A Hotspot is a part of an image that does something when you click on it or hover over it with the pointer. The Web is full of images that contain hotspots that are very useful in a variety of ways. For example, a picture of the human body could use hotspots to tell you more information about a particular part, without you having to know the word for it. Hovering over a hotspot tends to give you a 'tooltip' and clicking on it might open up another web page.
Hotspots in Clicker 4 work the same way. They are a great interactive way of labeling an image or navigating text-free through a set of grids.
A great example of hotspots is to label a diagram or picture. When a pupil hovers the mouse over certain 'hot' areas of the picture a tooltip will appear to show what it is. Clicking on it will then go into further detail. Here's a picture of one of my flatmates - Iggy the Iguana. With a picture of this interesting fellow on the screen, pupils can find out more about him by daring to click on some of his scary parts.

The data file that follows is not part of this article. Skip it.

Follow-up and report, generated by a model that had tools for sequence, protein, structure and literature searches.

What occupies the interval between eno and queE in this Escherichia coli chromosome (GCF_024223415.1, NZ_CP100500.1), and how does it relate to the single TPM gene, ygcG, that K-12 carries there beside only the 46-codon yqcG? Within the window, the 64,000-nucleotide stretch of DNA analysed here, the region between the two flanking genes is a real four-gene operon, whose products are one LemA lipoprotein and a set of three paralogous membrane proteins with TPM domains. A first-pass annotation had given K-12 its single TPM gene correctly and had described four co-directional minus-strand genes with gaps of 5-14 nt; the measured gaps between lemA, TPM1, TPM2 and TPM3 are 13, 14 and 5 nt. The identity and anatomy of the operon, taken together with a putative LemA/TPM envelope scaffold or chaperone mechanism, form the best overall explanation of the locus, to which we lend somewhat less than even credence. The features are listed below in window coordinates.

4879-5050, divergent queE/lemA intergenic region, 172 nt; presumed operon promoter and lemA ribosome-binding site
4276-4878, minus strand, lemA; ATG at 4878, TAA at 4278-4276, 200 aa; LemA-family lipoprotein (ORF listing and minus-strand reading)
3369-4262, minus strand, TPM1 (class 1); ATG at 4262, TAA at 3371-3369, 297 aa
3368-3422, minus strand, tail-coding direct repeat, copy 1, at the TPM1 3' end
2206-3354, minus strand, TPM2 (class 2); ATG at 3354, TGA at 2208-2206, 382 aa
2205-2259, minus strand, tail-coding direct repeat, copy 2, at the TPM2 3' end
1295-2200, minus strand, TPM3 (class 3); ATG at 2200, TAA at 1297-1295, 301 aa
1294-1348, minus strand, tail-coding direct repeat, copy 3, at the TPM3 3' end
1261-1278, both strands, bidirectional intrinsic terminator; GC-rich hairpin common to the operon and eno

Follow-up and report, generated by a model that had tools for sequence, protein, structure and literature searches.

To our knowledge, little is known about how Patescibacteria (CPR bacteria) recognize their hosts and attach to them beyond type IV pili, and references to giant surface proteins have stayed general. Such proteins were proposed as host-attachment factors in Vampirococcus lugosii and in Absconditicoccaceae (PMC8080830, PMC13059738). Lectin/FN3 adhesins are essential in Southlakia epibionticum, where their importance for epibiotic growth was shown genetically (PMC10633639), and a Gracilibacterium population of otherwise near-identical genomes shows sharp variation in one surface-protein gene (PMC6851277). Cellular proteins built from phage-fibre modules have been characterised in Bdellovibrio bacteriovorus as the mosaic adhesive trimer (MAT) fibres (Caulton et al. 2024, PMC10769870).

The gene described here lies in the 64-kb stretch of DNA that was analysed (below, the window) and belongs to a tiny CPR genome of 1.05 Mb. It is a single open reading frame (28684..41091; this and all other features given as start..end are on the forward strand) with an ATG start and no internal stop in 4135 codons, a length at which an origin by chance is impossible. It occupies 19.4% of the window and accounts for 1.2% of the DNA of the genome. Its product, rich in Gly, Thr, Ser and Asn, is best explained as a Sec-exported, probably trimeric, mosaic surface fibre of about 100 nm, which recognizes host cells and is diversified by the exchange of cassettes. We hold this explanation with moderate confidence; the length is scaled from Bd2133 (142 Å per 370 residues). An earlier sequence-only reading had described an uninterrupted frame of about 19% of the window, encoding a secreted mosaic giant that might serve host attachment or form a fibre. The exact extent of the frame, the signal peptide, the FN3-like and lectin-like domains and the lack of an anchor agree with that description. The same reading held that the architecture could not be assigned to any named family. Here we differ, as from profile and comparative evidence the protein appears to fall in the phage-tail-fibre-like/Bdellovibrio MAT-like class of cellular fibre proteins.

You can make a series of hotspots over areas that you think your pupils will find interesting; and by keeping them invisible it makes it fun for them to hunt them down. The following step-by-step guide shows you how to make a simple grid in Clicker 4 that reveals information about the Iguana's biology in an interesting way.
If your version of Clicker pops up with the 'home grid' then click on the 'Make a Clicker Grid' option.
If Clicker doesn't start with the home grid then go to the File menu and click on New Grid.
Now my Iguana picture isn't intended to send any text to Clicker Writer (the top half of Clicker) so I'm not going to design it that way.
I'm going to choose 'blank' from the list of options and click on OK.
Incidentally - if you like my large, green cursor you can download it from here.